“Like a summer’s evening here on Earth just after sunset. A faint blue glow follows the Sun below the horizon — the only bit of color within an otherwise black sky,” Tanguy Bertrand imagines a view from the surface of Pluto, a picture more fully realized following recent man-made visitors to the icy dwarf planet, and further enhanced through new modeling from his team 4.7 billion km away in Paris.
Pluto’s atmosphere was characterized scientifically during 2015’s New Horizons’ flyby that analyzed both its emissions into space (its airglow), and the dimming of background stars viewed through it.
However, it was the view from Pluto’s far side, the atmosphere backlit by our own Sun, which provided a more illustrative, even familiar picture of a thin blue line encircling the dwarf planet.
That illuminated sky blue ring results from the scattering of sunlight by layers of organic haze within the atmosphere, making Pluto the latest in a growing list of hazy solar system bodies.
A world where haze is a far more pronounced atmospheric feature, tinting the sunlight illuminating its frozen host, can be found orbiting Saturn.
Titan’s thick orange-brown haze was captured by the Huygens probe during its descent and time on the surface.
Described like ‘L.A. smog on steroids,’ by Scott Edgington, Cassini deputy project scientist, the solid organic molecules are suspended in Titan’s atmosphere for far longer than on Pluto due to intense Earth-like vertical winds, creating a thicker haze.
On Pluto, haze particles quickly fall to the surface after their production.
Clues to the origin of atmospheric hazes have mostly come from the analysis of Titan, where evidence suggests methane and nitrogen molecules are dissociated and ionized by the sun’s UV radiation, a process known as photolysis. The molecules then react with each other to form larger precursor hydrocarbon and nitrile molecules which eventually, through aggregation, produce solid organic aerosols heavy enough to form a haze.
Similar processes are also thought to occur on Neptune’s moon Triton, but like on Pluto, yield less haze, whilst organic chemistry models suggest the early Earth’s nitrogen and methane heavy atmosphere might have been hazy too.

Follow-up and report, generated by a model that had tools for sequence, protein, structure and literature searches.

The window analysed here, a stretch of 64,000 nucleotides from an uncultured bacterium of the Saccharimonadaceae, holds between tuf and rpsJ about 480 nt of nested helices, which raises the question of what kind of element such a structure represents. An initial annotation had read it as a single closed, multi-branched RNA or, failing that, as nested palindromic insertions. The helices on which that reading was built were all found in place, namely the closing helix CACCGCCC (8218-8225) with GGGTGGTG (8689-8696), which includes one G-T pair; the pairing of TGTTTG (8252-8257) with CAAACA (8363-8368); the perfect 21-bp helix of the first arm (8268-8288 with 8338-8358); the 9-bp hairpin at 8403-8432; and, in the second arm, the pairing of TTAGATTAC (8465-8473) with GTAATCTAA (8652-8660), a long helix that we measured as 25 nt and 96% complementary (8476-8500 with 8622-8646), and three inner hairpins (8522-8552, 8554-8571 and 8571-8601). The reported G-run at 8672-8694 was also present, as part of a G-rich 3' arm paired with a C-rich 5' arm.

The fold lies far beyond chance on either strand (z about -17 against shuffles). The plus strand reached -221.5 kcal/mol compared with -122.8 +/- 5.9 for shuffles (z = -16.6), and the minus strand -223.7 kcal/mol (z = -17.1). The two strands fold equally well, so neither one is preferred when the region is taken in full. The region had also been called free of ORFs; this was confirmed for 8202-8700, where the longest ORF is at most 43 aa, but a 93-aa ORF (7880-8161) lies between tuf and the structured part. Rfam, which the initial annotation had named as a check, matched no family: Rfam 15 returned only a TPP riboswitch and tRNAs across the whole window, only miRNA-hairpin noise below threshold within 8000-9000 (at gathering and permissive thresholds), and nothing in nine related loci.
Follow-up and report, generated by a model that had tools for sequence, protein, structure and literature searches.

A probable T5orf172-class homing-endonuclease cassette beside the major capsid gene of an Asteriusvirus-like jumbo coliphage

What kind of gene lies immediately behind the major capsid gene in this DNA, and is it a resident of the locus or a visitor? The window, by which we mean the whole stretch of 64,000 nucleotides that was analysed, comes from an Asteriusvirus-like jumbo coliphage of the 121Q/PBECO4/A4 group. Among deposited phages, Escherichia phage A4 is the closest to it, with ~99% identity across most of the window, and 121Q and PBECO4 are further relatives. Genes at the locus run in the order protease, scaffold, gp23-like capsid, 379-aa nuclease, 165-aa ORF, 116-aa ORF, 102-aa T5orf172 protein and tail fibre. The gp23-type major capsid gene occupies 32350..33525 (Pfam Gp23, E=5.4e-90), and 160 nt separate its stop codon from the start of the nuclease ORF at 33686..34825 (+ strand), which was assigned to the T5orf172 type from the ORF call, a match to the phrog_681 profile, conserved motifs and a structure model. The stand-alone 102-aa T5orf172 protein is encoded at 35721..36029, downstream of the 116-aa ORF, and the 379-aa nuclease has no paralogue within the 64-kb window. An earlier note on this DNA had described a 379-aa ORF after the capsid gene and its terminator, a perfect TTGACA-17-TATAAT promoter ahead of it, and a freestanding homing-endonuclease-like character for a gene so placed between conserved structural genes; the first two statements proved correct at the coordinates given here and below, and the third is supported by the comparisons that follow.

In fact, it has been suggested our own ancient haze may have played a role in the formation of life, protecting the surface from deadly UV and countering the build-up of greenhouse gases to ensure a habitable temperature.
Despite their misty nature, organic hazes are thought to be extremely revealing of the surface and atmospheric state of the bodies they envelope. Their ability to produce and deposit complex hydrocarbons, known as tholins, is thought to give Pluto’s surface its reddish appearance.
To aid the investigation of Pluto’s haze and what it might reveal about its host dwarf planet, Bertrand and his team at the Laboratoire de Météorologie Dynamique in Paris set out to reproduce New Horizons flyby observations.
The model they used was developed 30 years ago for the Earth’s own atmosphere, before versions were created for Mars, Venus, the gas giant planets, their satellites and recently discovered exoplanets.
“We worked hard to have models ready in anticipation of the New Horizons flyby in the hope we could provide explanations of any observations made.”
In a new paper, published in the journal Icarus, Bertrand used aerosol properties similar to those observed in the upper layers of Titan, which most closely resemble Pluto’s haze to get a close enough fit to constrain certain haze parameters on Pluto. These include haze particle size, to around 10-50 nm, and the amount of time the haze precursor molecules took to become solid, to around 3 months.
“This paper is a nice example of the power of comparative planetology where we apply what we learn from one planet to discover new things about another,” says Giada Arney from NASA Astrobiology Institute’s Virtual Planetary Laboratory, who has herself looked at models of Earth’s ancient haze to study similar atmospheres around exoplanets.
“This paper an important step forward in understanding the processes that occur in Pluto’s atmosphere.”
Bertrand’s model also showed that the methane photolysis reactions peak at an altitude of 250 km, and occur mostly in the sunlit summer hemisphere, which the team believes explains the higher density hazes observed in the current sun facing north.
Despite this uneven production, the team suggest that the low level of atmospheric circulation should still be sufficient, when combined with indirect UV flux from the interplanetary medium to ensure haze material is falling down to the surface everywhere at all times, covering any icy surface material with a thin layer of darker organics.
“This really confirms our inclination that shiny parts of Pluto must be evidence of recent resurfacing,”
However, the wide scale reddening of Pluto’s equatorial region remains a mystery.
Previous suggestions that direct photolysis of the surface could be a cause are contradicted by Bertrand’s model, which shows Pluto’s entire UV flux would be blocked through absorption by its atmospheric methane.
Earlier this year an alternative mechanism was proposed that linked the dark equator to the impact that formed Pluto’s moon Charon.
As well as answering these questions, Bertrand hopes that refined versions of their model could be applied to another wispy atmosphere at the edges of our solar system.
“We have very little data on Triton – if we understand what is going on with Pluto we may better understand what is going on there as well.”
Tanguy Bertrand François Forget. 2017. 3D modeling of organic haze in Pluto’s atmosphere. Icarus 287: 72-86; doi: 10.1016/j.icarus.2017.01.016